... but put it quietly aside, and keep their temper, and rest content to wait patiently, perhaps years, perhaps a lifetime, for the opportunity of a sudden and pat revenge. Indeed, I suppose he would have been well satisfied to answer Frisbie's spite with the nobler revenge of magnanimity and smiling forbearance, had not the said opportunity presented itself. It was a temptation not to be resisted. And he, the most philanthropical of men, proved himself capable of ...
— The Atlantic Monthly, Volume 14, No. 83, September, 1864 • Various

... her imagination, 'my slave, my comrade, and my king.' And we know that her courage was flawless, heroic, beyond praise; that she forgot nothing, not even that love for her unspeakable brother, for whom she has expressed in two of her poems a more than masculine magnanimity of pity and contempt; and that at all times she could turn inward to that world within, where ...
— Figures of Several Centuries • Arthur Symons

... third scenes of the fourth act we may concede some slight merit to the picture of a chivalrous emulation in magnanimity between the Duke of Burgundy and his former fellow-student, whose refusal to break his parole as a prisoner extorts from his friend the concession refused to his importunity as an envoy: but the execution is by no means ...
— A Study of Shakespeare • Algernon Charles Swinburne

... Church, however, did not stick to its colours in this respect. Honesty not the best policy. A policy of compromise. 25. The oracles. Sosthenion and St. Michael. Delphi. St. Gregory's saintliness and magnanimity. Confusion of pagan gods and Christian saints. 26. Church in North Europe. Thonar, etc., are devils, but Balda gets identified with Christ. 27. Conversion of Britons. Their gods get turned into fairies rather than devils. Deuce. Old Nick. 28. Subsequent ...
— Elizabethan Demonology • Thomas Alfred Spalding

... individuals who would have assisted, to a greater extent than myself, two young men of decided genius, like Samuel Taylor Coleridge, and Robert Southey, who required, at the commencement of their literary career, encouragement, and a little assistance. Few however, would have exhibited the magnanimity which Southey displayed, in seasons of improved circumstances, by referring to slender acts of kindness, long past, and scarcely remembered but by himself. Few are the men, who, after having surmounted their difficulties by honourable exertion, ...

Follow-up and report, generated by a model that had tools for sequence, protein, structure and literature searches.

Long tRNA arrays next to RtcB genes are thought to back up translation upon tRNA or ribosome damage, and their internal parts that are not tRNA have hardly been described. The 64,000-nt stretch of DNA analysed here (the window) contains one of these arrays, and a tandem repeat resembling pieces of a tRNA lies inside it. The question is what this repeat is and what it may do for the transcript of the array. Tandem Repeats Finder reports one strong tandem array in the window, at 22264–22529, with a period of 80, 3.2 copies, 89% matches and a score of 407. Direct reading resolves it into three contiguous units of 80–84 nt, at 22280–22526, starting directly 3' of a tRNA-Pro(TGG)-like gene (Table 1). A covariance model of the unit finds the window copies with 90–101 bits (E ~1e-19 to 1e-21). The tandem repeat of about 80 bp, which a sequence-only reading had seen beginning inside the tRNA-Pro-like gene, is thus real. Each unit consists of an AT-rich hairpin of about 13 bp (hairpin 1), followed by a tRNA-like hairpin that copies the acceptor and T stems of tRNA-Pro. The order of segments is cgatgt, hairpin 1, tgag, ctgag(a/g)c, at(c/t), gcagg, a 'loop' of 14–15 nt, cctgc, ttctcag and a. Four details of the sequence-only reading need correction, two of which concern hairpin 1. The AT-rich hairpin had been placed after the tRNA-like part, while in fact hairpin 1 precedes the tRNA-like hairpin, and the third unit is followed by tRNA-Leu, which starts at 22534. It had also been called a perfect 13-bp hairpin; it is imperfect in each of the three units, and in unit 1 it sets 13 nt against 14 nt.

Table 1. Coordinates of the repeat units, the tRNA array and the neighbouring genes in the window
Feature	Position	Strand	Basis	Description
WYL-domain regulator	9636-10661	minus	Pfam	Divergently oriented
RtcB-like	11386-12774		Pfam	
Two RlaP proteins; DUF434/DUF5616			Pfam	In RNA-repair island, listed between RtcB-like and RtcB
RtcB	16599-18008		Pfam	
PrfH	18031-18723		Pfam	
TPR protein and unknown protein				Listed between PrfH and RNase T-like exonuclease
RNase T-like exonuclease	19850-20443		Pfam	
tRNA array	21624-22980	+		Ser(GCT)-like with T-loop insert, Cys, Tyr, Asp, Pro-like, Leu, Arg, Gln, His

— Reminiscences of Samuel Taylor Coleridge and Robert Southey • Joseph Cottle

... insensible, when its uncontrollable grief burst out in the midst of a discourse on other topics, into an impassioned address to his departed brother, and a magnificent tribute to the virtues of this partner of his soul and affections? Or does not such an instance of Christian fortitude and magnanimity favorably contrast with the pusillanimous and almost heathen despondency and desolation which overwhelm many at the sight or news of death, even as the Catholic faith—warm, generous, and confident—cheers beyond that cold and gloomy ...
— The Lives of the Fathers, Martyrs, and Principal Saints - January, February, March • Alban Butler

... brethren. We have warned them from time to time of attempts by their legislature to extend an unwarrantable jurisdiction over us. We have reminded them of the circumstances of our emigration and settlement here. We have appealed to their native justice and magnanimity, and we have conjured them by the ties of our common kindred to disavow these usurpations, which, would inevitably interrupt our connections and correspondence[.] They too have been deaf to the voice of justice and of consanguinity. We must, therefore, acquiesce in the necessity, which denounces ...